What is social annotation?
Social annotation is reading and thinking together. It brings the age-old process of marking up texts to the digital learning space while making it a collaborative exercise. Imagine a group of students opening a PDF or webpage, then highlighting, commenting on, and sharing ideas about the text, video, or images they see, all within the margins of the text.
Why use social annotation?
When we read and think together, a text can become a richer learning object. We can learn how others make sense of a reading or how they deconstruct the text. Annotation can help a class understand the mechanisms behind building an argument or offer them the space to flag portions of the text that are unclear. Annotating online can embed a class discussion within the text itself.
Studies have shown that social annotation can assist students with:
- processing domain-specific knowledge
- supporting argumentation and inquiry
- improving literacy skills
- connecting online learning spaces.
“Annotation provides information, shares commentary, sparks conversation, expresses power, and aids learning.” Remi Kalir and Antero Garcia, 2019.
Considerations for using social annotation
Cornell currently supports two social annotation tools: Perusall and Hypothesis. Both allow for sentence-level note taking or critique on classroom readings, news, blogs, scientific articles, books, terms of service, ballot initiatives, legislation and more. Both tools can be accessed directly in Canvas. However, there are differences that might make one more suitable than the other for your teaching needs (see our comparison of the two to learn more).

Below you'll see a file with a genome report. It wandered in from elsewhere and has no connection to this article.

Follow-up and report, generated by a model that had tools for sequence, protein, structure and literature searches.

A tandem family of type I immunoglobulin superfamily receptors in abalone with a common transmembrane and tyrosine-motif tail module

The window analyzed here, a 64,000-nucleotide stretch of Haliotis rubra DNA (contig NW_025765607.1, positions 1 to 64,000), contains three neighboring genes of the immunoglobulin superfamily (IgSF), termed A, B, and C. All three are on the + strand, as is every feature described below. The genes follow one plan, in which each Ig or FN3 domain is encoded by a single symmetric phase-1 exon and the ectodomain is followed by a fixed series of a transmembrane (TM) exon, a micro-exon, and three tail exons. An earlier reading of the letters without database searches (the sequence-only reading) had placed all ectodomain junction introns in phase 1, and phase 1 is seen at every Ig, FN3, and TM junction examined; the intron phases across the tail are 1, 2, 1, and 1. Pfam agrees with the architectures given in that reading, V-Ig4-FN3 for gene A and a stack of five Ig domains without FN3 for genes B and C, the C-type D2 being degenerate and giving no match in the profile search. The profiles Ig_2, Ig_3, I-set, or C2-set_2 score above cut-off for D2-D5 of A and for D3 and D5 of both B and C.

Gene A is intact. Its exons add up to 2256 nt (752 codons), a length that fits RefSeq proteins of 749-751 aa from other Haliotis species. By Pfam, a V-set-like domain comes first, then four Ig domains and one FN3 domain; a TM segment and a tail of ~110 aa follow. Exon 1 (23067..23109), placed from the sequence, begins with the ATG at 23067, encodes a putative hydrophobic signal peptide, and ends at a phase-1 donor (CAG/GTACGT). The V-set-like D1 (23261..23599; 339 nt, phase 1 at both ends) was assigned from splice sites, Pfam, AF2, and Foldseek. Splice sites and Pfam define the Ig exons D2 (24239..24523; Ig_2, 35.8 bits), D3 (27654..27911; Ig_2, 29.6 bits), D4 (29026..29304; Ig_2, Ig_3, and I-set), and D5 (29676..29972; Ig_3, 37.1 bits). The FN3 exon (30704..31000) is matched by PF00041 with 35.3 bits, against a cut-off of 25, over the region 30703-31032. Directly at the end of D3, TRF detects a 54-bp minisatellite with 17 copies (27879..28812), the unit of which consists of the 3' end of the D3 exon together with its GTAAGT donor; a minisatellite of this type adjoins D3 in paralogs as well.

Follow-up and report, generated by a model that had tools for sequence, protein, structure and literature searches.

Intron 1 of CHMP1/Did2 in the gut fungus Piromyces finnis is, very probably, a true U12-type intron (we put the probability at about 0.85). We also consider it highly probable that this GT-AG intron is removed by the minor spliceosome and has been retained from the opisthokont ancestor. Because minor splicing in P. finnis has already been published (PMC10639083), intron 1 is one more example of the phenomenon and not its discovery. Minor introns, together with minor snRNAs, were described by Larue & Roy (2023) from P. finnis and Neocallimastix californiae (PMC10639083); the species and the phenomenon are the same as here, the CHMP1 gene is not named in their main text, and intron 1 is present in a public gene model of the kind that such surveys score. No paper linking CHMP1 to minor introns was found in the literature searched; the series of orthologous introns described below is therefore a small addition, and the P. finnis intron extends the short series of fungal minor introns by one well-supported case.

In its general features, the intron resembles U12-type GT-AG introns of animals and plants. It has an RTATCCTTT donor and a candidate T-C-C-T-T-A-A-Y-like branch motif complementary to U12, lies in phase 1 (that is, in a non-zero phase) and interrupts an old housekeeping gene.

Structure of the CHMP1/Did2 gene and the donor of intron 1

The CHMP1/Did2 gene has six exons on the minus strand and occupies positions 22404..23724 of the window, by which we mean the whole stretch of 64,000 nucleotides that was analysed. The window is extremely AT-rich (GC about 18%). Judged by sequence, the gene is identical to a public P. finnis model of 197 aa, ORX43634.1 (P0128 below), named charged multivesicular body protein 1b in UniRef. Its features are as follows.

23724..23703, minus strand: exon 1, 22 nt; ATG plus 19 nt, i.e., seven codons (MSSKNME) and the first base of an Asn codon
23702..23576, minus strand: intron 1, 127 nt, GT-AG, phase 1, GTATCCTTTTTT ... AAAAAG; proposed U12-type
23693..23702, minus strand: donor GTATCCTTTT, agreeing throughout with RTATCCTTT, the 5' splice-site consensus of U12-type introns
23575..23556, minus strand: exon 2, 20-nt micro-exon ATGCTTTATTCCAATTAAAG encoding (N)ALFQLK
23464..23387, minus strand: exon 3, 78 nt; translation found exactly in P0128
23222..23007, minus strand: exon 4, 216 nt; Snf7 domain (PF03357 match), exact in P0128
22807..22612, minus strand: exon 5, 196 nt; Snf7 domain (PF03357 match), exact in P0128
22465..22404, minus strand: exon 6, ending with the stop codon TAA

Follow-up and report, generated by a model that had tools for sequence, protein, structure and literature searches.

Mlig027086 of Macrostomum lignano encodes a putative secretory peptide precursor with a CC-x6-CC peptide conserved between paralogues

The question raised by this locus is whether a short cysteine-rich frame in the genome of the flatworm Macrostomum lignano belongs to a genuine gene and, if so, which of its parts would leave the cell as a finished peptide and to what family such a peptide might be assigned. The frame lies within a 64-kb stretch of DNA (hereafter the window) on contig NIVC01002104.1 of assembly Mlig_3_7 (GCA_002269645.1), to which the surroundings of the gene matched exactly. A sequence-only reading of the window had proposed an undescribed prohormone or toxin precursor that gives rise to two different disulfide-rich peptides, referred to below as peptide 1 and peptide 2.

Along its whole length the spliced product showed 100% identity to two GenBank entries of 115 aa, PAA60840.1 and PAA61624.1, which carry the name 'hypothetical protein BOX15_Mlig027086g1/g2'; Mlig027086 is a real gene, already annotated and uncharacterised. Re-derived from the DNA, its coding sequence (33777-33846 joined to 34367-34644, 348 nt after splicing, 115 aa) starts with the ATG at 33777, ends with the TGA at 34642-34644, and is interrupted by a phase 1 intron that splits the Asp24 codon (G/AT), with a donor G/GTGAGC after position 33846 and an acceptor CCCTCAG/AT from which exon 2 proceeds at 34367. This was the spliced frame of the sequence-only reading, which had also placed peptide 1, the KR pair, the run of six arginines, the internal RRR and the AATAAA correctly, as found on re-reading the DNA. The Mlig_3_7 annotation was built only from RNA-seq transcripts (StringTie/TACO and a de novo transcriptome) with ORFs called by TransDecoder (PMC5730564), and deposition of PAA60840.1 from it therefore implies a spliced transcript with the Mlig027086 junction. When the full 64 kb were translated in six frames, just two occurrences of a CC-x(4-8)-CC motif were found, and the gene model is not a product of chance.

See our social annotation tips for more information and tips on using social annotation in your class.
Perusall is best used in larger courses. It offers auto-grading based on number of annotations and replies, and can provide access to a number of publisher texts found in a searchable database. Some will require a student-paid licensing fee. Perusall requires a separate login for students. It also supports Groups in Canvas, and this is why we recommend it for large courses.
Hypothesis is best used in smaller courses where a single text can more easily accommodate a number of margin notes and highlights. Hypothesis is built on an open-source platform and has a strong, stated position on student privacy. While it has fewer bells and whistles than Perusall, its emphasis on user experience, clean interface, and ease of use makes it a strong choice.